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A Seat in the House

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A future Idaho 'teacher?' Photo by Svyatoslav Palenyy A future Idaho 'teacher?' Photo by Svyatoslav Palenyy

A challenging and controversial session

The Joint Finance and Appropriations Committee began to establish proposed appropriations to present to the legislature the week of February 14 after arriving at a final General Funds revenue target as a spending cap for agency appropriations. The committee’s final revenue amount was below the Governor’s estimate announced in his January budget address.

The Governor’s estimate for General Funds revenue was $2,521,456,000, but because of more recent revenue data received in January and early February that indicated less revenue than anticipated by the Governor in his revenue estimate, the committee adopted a revenue target of $2,429,965,700. This is $91,490,300 less than the Governor’s projection and will require larger reductions in agency appropriations than originally anticipated. Even though most agencies will have to take some reduction, the largest dollar reductions will have to come from the three largest agencies because they have the largest appropriations; about 85 percent of the general fund’s appropriation. These three agencies are public schools (kindergarten through twelfth grade), Health and Welfare, and Corrections. Public school support is the single largest appropriation, representing over half of general fund spending.  

The appropriations for Public Education Support and Health and Welfare are scheduled at the end of the budget setting process because of issues being addressed by the House and Senate Education and Health and Welfare committees that could have an impact on funding levels for these agencies.

The budget setting process for the Joint Finance and Appropriations Committee is scheduled to end March 14, but could be later depending on significant changes in revenue expectations and/or legislation passed by legislative committees that could impact appropriation levels for agencies. 

Public school reform is a significant issue before the legislature at the time of writing this article. I mentioned in my last article many of the public school reform proposals by State Superintendent of Schools Tom Luna. The proposed reform legislation was first introduced in the Senate Education Committee and has been very controversial. Opposition to various reform measures has been strong from the Idaho Education Association, teachers, school superintendents and parents, resulting in the Senate Committee taking a careful look at the proposal and in many cases making changes to address concerns.

The three Senate bills on education reform are Senate Bills 1108, 1110 and 1113 (SB1108, SB1110, SB1113). 

SB 1108 relates to labor relations and employee entitlements. There are several labor related components in the legislation including phasing out tenure for those teachers not yet governed by tenure and replacing it with two-year contracts, limiting collective bargaining to just salaries and benefits and requiring that all labor negotiations be conducted in public meetings.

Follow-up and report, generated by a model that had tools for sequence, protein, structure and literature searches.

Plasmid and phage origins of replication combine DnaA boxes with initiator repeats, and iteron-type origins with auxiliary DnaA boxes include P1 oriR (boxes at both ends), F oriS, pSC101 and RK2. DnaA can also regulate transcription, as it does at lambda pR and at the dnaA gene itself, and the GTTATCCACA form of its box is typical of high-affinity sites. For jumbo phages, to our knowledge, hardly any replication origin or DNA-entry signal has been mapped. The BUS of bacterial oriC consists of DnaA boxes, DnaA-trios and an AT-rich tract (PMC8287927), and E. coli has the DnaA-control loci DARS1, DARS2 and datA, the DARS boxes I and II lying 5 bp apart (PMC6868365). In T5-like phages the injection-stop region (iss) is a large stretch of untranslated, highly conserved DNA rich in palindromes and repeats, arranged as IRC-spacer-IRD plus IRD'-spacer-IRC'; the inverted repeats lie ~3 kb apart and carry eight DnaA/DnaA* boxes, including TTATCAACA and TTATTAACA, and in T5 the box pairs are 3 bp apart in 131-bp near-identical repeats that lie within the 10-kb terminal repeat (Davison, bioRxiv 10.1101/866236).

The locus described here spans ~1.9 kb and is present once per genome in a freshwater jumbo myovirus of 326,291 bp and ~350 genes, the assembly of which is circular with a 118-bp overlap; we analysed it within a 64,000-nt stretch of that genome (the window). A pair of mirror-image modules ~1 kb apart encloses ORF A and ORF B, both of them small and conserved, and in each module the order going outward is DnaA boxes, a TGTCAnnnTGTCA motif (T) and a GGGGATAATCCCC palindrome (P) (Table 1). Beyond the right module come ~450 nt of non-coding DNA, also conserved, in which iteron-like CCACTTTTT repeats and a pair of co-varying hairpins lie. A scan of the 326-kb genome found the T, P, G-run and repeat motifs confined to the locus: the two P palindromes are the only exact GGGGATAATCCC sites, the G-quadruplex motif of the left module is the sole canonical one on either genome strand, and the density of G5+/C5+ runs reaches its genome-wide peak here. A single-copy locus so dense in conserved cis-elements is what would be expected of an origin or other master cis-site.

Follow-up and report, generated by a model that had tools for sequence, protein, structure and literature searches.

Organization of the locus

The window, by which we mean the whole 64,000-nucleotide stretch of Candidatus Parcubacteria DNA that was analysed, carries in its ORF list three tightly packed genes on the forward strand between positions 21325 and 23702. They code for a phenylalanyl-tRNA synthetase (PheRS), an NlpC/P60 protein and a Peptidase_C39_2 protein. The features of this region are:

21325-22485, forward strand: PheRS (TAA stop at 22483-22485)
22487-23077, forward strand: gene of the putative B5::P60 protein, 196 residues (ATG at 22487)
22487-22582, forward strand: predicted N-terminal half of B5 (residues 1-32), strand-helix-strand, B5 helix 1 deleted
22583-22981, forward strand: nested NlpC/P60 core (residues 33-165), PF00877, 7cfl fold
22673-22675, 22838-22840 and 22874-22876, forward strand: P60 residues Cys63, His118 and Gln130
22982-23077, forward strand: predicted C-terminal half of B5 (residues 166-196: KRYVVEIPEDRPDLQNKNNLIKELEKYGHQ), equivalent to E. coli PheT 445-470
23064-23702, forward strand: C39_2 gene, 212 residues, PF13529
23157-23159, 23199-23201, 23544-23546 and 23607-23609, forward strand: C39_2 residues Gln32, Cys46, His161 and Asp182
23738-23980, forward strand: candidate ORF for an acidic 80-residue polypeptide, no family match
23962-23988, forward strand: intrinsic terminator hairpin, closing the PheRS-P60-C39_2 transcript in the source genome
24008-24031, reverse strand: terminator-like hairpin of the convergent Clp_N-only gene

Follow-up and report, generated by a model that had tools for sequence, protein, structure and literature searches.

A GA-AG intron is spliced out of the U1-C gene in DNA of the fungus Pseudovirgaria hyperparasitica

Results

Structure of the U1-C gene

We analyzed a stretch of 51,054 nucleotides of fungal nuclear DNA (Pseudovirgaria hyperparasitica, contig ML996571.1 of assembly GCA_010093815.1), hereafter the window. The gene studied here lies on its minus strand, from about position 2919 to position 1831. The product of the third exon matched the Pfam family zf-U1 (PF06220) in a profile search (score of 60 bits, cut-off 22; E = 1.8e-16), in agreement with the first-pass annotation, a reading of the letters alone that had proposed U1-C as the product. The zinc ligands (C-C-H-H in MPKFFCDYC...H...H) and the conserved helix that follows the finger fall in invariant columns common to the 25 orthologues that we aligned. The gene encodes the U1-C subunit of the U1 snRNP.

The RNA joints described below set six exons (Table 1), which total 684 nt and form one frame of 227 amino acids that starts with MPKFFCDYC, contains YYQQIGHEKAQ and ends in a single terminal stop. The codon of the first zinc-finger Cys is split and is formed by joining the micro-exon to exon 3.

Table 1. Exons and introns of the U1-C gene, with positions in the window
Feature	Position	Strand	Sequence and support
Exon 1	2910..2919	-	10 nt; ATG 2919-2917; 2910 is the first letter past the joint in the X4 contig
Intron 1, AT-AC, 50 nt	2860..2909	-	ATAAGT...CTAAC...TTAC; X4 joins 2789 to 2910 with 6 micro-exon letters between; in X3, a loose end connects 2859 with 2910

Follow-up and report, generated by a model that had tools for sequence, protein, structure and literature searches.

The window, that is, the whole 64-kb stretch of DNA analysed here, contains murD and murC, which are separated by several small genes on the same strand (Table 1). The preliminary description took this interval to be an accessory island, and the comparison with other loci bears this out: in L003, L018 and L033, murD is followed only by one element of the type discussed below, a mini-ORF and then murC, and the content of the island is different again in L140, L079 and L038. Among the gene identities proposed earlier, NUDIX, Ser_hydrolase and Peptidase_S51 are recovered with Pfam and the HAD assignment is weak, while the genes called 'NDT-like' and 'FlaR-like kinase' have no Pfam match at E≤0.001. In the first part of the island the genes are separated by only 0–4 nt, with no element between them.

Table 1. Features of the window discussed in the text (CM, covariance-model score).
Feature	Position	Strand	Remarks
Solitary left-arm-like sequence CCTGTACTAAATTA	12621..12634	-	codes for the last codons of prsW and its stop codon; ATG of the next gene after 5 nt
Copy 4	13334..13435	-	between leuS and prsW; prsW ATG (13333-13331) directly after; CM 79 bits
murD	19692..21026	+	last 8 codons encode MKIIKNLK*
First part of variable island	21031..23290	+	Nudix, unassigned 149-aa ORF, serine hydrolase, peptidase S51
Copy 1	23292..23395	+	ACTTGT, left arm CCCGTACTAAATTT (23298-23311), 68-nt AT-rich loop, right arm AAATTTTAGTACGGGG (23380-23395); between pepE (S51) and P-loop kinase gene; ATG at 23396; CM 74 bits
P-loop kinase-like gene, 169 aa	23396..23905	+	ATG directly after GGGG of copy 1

SB 1110 provides for a “pay for performance” system for teachers. The legislation “rewards teachers and administrators on a school wide basis for student achievement as determined at the local level. Teachers may also be rewarded for teaching in hard to fill positions and for taking leadership roles such as mentoring, creating curriculum, grant writing and obtaining National Board Certification.” 

SB 1108 and SB 1110 passed the Senate on a 20-15 vote on February 24 and are now before the House Education Committee for consideration; if passed by that committee they will go to the House floor for consideration and if approved by the full House will go to the Governor for his consideration.

SB 1113 was sent back to the Senate Education Committee by the full Senate for additional consideration and possible changes. SB 1113 addresses class size, online course requirements and other student issues.

In addition to education, the issue of nullifying the national health care law has been addressed by both the Senate and the House. The purpose of this legislation (House Bill 117) “is to declare the two federal laws: Public Law 111-148 and Public Law 111-152, void and of no effect in the state of Idaho.”

House Bill 117 passed the House by a significant majority but was killed in the Senate State Affairs Committee on February 25.

Because of decreased revenues, proposed education reform, potential changes in Health and Welfare benefits and prison population issues, this is a challenging legislative session. I will continue to keep you abreast of significant legislative actions as we progress through the legislative session, which hopefully will “Sine Die” sometime around March 31.

Please continue to advise me of issues important to you. I can be reached in Boise by phone at 1-800-626-0471 or by e-mail at idleg(at)lso.idaho.gov.

Thanks for reading! George

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Rep. George Eskridge Rep. George Eskridge the Republican Representative for District 1 in Idaho’s House, George Eskridge can be reached at 208-265-0123 or write PO Box 112, Dover, ID 83825

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education, budget, funding, Idaho, tenure, unions, labor relations

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